Public school teachers and their supporters protest against a pension reform bill at the Kentucky State Capitol on April 2, 2018 in Frankfort, KentuckyPublic school teachers and their supporters protest against a pension reform bill at the Kentucky State Capitol on April 2, 2018 in Frankfort, Kentucky (AFP Photo/BILL PUGLIANO)
Chicago (AFP) - Thousands of teachers took to the streets of Kentucky and Oklahoma on Monday, rallying in the latest show of force by angry US educators demanding better pay and more funding for public schools.
Teachers have been flexing their political muscle in Republican-dominated states where education funding was cut in recent years.
Demonstrators were inspired by a nine-day strike that last month won West Virginia's teachers their first pay raise in four years. Teachers in Arizona held another rally in late March.
Organizers were predicting a turnout of 30,000 in Oklahoma City, where aerial television images showed a large crowd, with many in red shirts, gathered outside the state capitol.
"The message today I believe is about kids. It's about funding public education and really restoring the kind of support that all kids need in order to learn," Oklahoma state schools chief Joy Hofmeister told TV station KWTV.
Monday's walkouts shuttered some classrooms, with administrators unable to find enough substitutes to keep schools open. Other schools were already closed due to a scheduled holiday.
Some districts were facing days-long closures, as teachers vowed to continue until their demands were met.
Oklahoma City Public Schools announced its campuses would be shut through Tuesday. Hundreds of other school districts in the state also were closed, according to media reports.
Teachers by the thousands also demonstrated in the Kentucky state capital Frankfort.
The Courier-Journal newspaper said that all 120 public school districts in that state were closed although most were already on their Spring break vacation.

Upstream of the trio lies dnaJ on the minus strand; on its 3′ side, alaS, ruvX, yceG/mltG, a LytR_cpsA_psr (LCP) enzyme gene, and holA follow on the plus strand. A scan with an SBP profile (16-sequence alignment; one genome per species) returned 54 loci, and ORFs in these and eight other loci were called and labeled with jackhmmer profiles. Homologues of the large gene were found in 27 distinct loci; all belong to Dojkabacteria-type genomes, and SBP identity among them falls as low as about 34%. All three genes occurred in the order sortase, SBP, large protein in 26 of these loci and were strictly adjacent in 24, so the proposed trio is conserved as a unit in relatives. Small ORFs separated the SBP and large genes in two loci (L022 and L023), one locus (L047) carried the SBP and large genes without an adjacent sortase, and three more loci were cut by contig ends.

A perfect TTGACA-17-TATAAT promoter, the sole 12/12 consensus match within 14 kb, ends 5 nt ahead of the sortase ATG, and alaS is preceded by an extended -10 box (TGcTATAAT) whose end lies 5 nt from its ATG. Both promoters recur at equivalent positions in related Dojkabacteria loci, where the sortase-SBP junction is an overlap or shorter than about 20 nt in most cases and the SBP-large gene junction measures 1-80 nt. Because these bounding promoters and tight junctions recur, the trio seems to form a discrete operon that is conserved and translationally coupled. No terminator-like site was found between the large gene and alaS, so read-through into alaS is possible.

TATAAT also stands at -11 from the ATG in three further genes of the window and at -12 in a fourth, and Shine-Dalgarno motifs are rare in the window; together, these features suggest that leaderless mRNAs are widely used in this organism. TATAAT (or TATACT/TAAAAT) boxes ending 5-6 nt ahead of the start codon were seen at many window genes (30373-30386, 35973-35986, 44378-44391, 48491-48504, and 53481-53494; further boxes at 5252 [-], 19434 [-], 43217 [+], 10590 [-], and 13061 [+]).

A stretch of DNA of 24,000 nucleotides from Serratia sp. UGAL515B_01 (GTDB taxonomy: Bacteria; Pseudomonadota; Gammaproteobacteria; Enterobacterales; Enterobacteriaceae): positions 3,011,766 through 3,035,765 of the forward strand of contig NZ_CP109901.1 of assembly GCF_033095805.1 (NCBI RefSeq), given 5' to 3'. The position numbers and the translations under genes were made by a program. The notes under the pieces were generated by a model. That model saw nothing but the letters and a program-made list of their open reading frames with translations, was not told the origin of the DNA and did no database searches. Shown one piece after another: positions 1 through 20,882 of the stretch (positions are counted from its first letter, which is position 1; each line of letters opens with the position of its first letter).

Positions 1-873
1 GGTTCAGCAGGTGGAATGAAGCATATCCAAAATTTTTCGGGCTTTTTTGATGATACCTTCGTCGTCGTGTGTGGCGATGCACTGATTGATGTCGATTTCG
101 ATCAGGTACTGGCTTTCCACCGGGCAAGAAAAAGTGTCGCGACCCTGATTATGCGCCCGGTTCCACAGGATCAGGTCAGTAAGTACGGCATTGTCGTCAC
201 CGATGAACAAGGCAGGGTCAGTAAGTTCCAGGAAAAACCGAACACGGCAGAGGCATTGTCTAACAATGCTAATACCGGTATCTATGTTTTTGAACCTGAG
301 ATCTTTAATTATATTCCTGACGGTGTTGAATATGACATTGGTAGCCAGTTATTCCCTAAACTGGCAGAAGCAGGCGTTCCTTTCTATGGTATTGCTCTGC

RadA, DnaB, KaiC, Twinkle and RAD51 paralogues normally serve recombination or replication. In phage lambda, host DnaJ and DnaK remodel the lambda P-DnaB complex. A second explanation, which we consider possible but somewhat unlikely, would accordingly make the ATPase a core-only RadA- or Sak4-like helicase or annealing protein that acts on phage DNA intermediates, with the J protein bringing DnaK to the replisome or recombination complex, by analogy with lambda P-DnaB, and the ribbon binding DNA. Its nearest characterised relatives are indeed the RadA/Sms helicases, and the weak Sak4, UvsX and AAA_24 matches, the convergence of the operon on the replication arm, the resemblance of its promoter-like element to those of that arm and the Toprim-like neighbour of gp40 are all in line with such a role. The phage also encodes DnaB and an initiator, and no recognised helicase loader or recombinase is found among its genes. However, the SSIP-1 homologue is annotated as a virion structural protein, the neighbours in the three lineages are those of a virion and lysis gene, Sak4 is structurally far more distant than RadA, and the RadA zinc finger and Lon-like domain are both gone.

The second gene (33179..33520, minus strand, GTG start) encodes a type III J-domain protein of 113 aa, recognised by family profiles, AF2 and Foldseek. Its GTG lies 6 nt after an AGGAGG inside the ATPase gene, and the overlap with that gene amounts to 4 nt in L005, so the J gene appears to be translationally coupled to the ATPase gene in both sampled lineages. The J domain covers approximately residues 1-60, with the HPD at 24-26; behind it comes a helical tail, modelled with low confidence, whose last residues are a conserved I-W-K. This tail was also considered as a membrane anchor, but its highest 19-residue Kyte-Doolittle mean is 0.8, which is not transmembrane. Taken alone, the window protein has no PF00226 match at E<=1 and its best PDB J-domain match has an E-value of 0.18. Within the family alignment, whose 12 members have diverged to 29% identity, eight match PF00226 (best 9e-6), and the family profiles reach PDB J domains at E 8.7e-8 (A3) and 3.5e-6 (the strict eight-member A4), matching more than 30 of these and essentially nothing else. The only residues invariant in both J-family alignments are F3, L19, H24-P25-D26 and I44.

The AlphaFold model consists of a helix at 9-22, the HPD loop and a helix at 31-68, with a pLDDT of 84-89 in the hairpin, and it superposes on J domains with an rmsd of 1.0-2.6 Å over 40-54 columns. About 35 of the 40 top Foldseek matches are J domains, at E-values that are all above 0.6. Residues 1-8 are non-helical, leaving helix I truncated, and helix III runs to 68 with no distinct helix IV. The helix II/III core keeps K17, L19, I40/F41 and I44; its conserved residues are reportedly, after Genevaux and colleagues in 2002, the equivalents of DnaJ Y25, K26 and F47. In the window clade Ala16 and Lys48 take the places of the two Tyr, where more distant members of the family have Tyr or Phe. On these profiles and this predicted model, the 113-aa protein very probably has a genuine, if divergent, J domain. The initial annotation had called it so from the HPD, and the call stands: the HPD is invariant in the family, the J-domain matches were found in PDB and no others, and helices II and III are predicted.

- 'Not going to take it' -
Kentucky teachers were primarily protesting proposed changes to pension benefits and demanding more funding for public education.
A vocal crowd inside the state capitol rotunda in Frankfort chanted "public schools!" and sang "We're not going to take it anymore" as legislators began their work day.
Andrew Beaver, a math teacher in Louisville, Kentucky's largest city, told The New York Times that teachers were angered when the state legislature suddenly passed a bill last week to alter educators' retirement benefits.
"What I'm seeing in Louisville is teachers are a lot more politically engaged than they were in 2015 or 2016," Beaver said. "It really is a wildfire."
In Oklahoma, lawmakers recently agreed to a rare tax increase to bump teacher pay by an average of $6,100 a year. But, that was not enough to placate educators.
Some teachers said their salaries were so low that they needed second jobs -- such as working as restaurant waiters or mowing lawns -- to make ends meet.
Others said the state must do more to fund rural schools that serve low-income students.
Oklahoma teacher Jessica Lightle told CNN she was striking because of school conditions in her rural city of McAlester, where students created an online video showing the state of disrepair -- pointing to leaking ceilings and displaying textbooks that fell apart when opened.
- Students 'worth the investment' -
Oklahoma is one of 12 states that slashed education spending following the 2008 recession and failed to restore those funds as the economy improved, according to the Center for Budget and Policy Priorities, a left-leaning Washington DC research and policy institute.
Kentucky cut per-student public education funding again in its latest fiscal plan, according to the late-2017 think tank report.
Lily Garcia, president of the National Education Association (NEA), which represents public school teachers and higher education workers -- said teachers did not trust state legislators to act without public pressure.
"This is the result of a decade of underfunding public schools," Garcia told CNN, speaking from the Oklahoma protest.
"If we don't stand up today, and say, 'our students are worth the investment,' then it's going to be too late," she said.